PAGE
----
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In 1911, the small French town of Giverny was full of American artists who flocked there to paint the quaint area that was adorned with willow trees along the Epte, thatched cottages, and country gardens. It is no wonder that Ritman, "like so many others before him became enchanted with Giverny, which, more than any other place, seemed to possess a potent magic power to captivate Americans." (R.H. Love, Louis Ritman: From Chicago to Giverny, Chicago, Illinois, p. 151) Ritman’s painting up to this point had been largely in an academic style. However, the atmosphere in Giverny was more informal than that of Paris, a scenario that led artists to feel more comfortable to experiment with various styles of painting, including Impressionism. Ritman’s Giverny pictures combine an Impressionist style and palette with the American notion of intimism, with tremendous success. While many of his counterparts were assiduously emulating the work of Claude Monet, the artistic patriarch of Giverny, Ritman chose a more subtle approach when painting the gardens of Giverny. His works were closely associated with "American intimism which was by contrast quiet, reserved, and above all, discreet, never outside the parameters of the genteel tradition."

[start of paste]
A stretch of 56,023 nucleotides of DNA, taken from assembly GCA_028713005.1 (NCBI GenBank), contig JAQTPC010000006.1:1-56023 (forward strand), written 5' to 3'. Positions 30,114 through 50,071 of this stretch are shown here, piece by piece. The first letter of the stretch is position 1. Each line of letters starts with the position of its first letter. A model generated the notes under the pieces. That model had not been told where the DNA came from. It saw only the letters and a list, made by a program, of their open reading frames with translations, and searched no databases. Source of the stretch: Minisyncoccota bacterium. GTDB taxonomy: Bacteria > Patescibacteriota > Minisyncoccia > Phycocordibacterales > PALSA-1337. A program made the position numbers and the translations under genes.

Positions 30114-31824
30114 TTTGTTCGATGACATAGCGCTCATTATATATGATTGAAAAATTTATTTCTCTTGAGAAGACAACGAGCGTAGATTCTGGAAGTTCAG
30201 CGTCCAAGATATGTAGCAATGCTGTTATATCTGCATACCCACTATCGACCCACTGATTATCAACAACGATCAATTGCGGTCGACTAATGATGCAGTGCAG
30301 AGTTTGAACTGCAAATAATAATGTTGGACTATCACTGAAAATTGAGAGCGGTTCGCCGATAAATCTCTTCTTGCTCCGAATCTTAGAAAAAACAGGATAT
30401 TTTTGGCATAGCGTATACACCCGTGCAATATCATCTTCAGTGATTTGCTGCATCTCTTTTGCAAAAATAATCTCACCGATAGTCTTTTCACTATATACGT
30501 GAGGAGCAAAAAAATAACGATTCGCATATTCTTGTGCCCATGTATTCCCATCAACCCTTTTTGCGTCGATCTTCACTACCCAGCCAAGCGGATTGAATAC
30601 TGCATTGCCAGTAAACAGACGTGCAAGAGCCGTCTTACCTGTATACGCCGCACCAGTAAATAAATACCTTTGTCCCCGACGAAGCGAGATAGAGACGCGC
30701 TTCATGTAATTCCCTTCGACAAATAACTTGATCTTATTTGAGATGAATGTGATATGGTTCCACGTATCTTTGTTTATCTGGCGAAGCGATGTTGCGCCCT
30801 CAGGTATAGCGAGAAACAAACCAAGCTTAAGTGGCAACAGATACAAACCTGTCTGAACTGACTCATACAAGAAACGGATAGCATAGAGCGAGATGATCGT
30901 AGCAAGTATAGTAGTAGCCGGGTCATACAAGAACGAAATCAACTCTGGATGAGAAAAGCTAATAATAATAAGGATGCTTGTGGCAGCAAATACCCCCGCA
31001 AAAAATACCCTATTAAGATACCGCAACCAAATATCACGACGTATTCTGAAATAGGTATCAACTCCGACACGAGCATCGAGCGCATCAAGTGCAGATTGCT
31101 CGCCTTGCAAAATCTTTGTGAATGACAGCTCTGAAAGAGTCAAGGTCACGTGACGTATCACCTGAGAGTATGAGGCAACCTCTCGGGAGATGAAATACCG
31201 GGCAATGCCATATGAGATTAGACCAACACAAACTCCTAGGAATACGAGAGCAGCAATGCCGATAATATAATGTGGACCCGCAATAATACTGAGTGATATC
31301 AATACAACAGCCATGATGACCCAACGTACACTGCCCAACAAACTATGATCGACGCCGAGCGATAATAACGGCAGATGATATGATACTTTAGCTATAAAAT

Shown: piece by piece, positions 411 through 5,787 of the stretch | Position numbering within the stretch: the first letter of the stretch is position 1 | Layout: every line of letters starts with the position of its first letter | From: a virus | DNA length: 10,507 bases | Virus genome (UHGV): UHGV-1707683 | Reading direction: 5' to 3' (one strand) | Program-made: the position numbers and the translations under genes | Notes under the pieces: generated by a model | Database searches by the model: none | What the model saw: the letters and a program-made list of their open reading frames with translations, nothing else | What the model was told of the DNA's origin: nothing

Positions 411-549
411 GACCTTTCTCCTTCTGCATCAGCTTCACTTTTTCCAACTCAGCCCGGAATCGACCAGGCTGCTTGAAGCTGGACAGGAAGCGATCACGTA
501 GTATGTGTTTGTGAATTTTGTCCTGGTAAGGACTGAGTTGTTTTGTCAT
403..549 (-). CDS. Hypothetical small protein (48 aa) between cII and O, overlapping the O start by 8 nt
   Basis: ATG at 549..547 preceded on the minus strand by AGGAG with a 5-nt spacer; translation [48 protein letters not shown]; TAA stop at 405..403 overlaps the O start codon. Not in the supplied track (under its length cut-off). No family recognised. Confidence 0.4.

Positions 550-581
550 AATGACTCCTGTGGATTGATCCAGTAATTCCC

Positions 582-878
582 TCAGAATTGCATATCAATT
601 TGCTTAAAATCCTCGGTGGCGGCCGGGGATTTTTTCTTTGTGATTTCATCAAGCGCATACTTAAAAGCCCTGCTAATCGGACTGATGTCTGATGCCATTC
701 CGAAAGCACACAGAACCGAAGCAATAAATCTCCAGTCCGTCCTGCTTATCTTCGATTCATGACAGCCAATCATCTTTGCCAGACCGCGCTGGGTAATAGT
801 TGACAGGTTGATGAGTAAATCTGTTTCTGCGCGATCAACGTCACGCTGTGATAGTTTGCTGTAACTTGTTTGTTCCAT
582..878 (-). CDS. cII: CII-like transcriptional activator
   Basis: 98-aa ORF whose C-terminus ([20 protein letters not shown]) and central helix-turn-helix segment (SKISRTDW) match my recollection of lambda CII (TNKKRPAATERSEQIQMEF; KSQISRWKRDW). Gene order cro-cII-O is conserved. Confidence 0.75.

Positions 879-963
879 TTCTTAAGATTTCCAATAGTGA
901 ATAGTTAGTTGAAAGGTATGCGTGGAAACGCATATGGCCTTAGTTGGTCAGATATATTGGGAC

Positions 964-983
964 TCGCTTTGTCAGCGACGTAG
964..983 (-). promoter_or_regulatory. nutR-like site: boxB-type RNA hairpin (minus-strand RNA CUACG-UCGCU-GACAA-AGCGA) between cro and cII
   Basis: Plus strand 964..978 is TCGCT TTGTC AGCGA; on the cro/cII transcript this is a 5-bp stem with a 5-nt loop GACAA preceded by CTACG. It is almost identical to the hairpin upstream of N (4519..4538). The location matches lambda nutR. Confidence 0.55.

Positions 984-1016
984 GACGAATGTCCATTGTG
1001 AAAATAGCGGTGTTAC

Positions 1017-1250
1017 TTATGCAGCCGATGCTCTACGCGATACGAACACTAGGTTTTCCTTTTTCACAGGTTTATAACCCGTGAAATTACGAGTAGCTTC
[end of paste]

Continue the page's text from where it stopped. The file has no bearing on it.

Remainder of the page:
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Text from “fineoldart.com

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11410_pf4Paul Gustave Fischer (22 July 1860, Copenhagen – 1 May 1934 Gentofte) was a Danish painter.

Paul Fischer belongs to the fourth generation of Fischers to live in Denmark. This Jewish family originally came from Poland. The family was upper middle class; Paul’s father had started as a painter, but later succeeded in the business of manufacturing paints and lacquers.

His formal art education lasted only a short time in his mid teens when he spent two years at the Royal Danish Academy of Art in Copenhagen.